Weidmann: "Align action and liability more closely in the euro area"

The euro area needs to embark on a path that brings action and liability back into greater alignment, Bundesbank President Jens Weidmann told 200 guests at the German Embassy in Rome. "The high level of debt held by both banks and states is a result of a shared problem: the drifting apart of action and liability," he remarked.

On the right track

Mr Weidmann explained that much had been done to make banks liable for their investment and lending decisions, pointing to the launch a year and a half ago of the Single Supervisory Mechanism, a body tasked with ensuring that banks are monitored with the same rigour in all member states of the euro area. Banks should above all, he told the audience, hold in reserve more and higher-quality capital in order to be better able to absorb losses, adding that if their capital was still insufficient to cover losses, their creditors would then be called upon. "The use of tax money is only considered as an absolute last resort," he noted. The higher capital requirements and the bail-in rules ensured that banks' shareholders and creditors bear potential losses. Mr Weidmann explained that it was not just a matter of aligning action and liability at the level of the banks – that principle needed, once again, to also apply to a greater extent in policy decisions in the euro area. The Bundesbank President then illustrated two conceivable paths to a viable fiscal framework. Either states transferred both decision-making power and liability for budgetary issues to the European level, for example in the form of a European fiscal union, or, he went on, "the states continue to make their own budgetary decisions but are then held liable for the consequences".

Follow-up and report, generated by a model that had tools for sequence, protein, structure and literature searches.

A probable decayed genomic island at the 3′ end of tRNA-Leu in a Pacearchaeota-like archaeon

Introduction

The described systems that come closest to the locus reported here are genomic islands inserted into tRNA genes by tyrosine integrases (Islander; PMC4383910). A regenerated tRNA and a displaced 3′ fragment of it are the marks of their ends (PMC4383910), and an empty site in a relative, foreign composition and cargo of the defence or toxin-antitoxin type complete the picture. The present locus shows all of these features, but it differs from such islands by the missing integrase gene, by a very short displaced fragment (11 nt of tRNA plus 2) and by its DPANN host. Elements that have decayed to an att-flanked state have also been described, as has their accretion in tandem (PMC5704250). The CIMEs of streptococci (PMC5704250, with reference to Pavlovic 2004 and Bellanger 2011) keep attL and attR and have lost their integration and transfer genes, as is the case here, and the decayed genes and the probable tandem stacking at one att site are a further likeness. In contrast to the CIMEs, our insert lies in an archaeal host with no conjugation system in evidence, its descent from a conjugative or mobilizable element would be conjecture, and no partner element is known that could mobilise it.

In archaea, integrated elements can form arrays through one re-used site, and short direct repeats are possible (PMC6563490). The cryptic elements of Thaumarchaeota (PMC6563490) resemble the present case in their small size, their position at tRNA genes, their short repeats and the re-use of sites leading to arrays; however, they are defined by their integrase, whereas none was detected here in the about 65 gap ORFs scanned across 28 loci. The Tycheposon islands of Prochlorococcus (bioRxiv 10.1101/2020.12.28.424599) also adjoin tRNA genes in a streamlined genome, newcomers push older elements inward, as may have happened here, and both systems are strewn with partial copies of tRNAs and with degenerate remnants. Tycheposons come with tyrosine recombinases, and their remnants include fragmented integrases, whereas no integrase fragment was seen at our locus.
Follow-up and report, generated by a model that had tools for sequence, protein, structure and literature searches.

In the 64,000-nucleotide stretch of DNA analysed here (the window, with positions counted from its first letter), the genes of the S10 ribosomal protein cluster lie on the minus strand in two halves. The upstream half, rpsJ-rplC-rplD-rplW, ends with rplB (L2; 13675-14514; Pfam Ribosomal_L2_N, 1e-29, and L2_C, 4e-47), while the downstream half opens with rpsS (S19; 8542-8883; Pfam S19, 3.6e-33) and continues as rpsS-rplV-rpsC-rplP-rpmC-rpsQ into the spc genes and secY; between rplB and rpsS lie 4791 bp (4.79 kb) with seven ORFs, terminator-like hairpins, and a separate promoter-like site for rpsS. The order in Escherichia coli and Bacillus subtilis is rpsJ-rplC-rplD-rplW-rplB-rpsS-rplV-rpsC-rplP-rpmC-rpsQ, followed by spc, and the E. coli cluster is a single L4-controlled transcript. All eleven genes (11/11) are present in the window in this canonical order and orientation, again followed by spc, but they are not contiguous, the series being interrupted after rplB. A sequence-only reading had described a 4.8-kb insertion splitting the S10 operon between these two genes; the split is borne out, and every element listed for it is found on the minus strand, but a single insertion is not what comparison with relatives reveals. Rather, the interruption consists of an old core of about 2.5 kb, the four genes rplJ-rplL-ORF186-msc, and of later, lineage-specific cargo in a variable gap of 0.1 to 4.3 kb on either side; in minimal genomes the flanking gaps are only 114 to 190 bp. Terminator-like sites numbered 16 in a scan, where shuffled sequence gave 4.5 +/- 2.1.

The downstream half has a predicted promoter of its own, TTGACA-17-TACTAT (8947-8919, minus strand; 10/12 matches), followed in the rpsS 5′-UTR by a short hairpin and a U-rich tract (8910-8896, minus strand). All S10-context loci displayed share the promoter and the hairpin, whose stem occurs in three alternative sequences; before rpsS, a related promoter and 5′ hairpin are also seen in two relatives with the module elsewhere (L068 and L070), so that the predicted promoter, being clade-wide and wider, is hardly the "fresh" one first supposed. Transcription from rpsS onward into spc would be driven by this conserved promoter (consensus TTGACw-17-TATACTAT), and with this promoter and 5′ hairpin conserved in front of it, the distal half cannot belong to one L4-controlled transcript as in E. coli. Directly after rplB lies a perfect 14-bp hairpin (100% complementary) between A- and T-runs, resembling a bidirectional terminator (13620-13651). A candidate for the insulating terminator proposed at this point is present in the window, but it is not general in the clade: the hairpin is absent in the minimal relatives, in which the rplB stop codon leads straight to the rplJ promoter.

Biggest step in the integration process

Mr Weidmann told his audience that a real fiscal union "could indeed restore the balance between action and liability", for it would force member states to comply with the requirements set by a European fiscal authority. Fiscal union, he reasoned, would be the biggest step in the integration process since the introduction of the euro, and it could not be achieved without making comprehensive changes to the European Treaties and holding referendums in the member states. The same applied to the idea of a single euro-area ministry of finance with its own budget and to a system granting rule-based powers to intervene in existing national budgets. These, Mr Weidmann conceded, were major obstacles: "At the moment, I cannot see any willingness to overcome them – in Italy, Germany or elsewhere."

Independent fiscal authority needed